5. Hotel industry seeks $150B in coronavirus relief
Axios' Joann Muller writes: The hotel industry is asking the federal government for $150 billion in emergency aid, mostly to keep employees on the payroll until the pandemic subsides and travelers are ready to hit the road again.
Why it matters: The coronavirus outbreak has already hurt the hotel industry more than the Sept. 11 terrorist attacks and the Great Recession combined, an industry trade group says. Without immediate help, people at the lower rungs of the economic ladder will suffer the most.
The big picture: Besides $150 billion in aid for hotels — many of which are operated by franchisees or small business owners — the industry is seeking another $100 billion for travel-related businesses like retail shops, attractions and restaurants.
- Passenger and cargo airlines are seeking an additional $58 billion in relief.
What they're saying: Travel industry losses alone will be enough to push the U.S. economy into recession, predicts the American Hotel and Lodging Association.
- A projected $355 billion decline in travel spending — transportation, lodging, retail, attractions and restaurants — will deliver an $809 million hit to the U.S. economy and cost 4.6 million travel-related jobs, says the U.S. Travel Association.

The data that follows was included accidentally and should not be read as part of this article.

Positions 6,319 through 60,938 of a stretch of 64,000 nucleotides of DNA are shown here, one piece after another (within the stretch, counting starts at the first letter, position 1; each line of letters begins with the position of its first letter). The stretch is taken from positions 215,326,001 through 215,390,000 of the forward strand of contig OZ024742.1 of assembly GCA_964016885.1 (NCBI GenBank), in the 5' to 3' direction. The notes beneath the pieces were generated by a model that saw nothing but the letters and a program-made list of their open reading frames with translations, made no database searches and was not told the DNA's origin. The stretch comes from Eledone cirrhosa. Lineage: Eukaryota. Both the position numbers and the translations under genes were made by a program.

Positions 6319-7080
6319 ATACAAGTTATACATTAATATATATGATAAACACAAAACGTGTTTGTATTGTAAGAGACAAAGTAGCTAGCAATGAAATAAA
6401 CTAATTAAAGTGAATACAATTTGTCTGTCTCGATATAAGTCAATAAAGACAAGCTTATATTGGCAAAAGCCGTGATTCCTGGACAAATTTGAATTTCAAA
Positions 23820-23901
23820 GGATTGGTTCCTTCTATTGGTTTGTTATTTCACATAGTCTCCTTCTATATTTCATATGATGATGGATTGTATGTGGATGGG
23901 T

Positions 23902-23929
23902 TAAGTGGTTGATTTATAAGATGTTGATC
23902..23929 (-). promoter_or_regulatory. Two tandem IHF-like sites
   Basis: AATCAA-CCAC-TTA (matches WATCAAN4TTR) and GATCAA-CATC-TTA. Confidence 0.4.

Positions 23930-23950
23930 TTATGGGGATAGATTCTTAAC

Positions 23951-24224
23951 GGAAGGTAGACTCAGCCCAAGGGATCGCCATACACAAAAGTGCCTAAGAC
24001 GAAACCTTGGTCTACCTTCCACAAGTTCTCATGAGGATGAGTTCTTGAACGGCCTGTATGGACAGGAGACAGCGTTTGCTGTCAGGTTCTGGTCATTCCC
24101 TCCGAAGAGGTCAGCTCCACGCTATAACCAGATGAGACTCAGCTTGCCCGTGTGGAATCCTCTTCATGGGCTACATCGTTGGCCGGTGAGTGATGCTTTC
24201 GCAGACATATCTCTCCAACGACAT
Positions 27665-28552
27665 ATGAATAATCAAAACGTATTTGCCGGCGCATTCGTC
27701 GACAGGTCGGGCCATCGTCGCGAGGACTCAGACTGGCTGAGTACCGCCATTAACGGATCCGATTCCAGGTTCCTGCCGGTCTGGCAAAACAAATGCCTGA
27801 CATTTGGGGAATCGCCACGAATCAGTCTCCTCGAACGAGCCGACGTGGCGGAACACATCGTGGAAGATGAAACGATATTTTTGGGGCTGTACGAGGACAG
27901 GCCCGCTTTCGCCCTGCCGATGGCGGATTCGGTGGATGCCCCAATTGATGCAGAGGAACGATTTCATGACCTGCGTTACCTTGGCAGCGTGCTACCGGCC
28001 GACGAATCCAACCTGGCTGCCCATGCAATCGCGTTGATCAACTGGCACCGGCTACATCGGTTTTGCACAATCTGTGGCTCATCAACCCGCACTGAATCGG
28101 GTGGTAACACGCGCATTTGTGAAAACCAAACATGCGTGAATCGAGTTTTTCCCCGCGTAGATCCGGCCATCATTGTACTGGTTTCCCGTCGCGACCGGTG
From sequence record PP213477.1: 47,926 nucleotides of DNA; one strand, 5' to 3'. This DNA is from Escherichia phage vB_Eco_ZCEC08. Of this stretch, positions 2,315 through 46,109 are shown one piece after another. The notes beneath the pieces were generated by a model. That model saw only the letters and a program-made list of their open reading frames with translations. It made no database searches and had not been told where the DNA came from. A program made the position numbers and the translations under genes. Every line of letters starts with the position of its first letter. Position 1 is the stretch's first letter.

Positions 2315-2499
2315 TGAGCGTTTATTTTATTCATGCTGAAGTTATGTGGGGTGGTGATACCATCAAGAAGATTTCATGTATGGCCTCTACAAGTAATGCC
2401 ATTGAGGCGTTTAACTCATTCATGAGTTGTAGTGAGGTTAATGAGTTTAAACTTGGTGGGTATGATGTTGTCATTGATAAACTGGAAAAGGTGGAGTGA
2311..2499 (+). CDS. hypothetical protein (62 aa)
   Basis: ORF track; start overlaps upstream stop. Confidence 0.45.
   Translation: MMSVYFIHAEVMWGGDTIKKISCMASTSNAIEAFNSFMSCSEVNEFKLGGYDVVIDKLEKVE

- With occupancy rates below 10%, hotels have already laid off 45% of their staff, with more layoffs expected by the end of the week.
What they're seeking: The $150 billion aid package could include...
- A fund for workforce stabilization that would pay employees more than they'd earn in unemployment benefits, if not their full paychecks.
- Emergency grants to preserve hotel companies' liquidity.
- Streamlined Small Business Administration loan programs to support independent hoteliers and franchisees.
One more: Boeing was the latest industry to seek assistance from the government Tuesday, requesting "a minimum of $60 billion in access to public and private liquidity, including loan guarantees, for the aerospace manufacturing industry."
What to watch: The government could put restrictions on any financial assistance to make sure the money winds up in employees' pockets rather than in CEO bonuses or stock buybacks to benefit shareholders.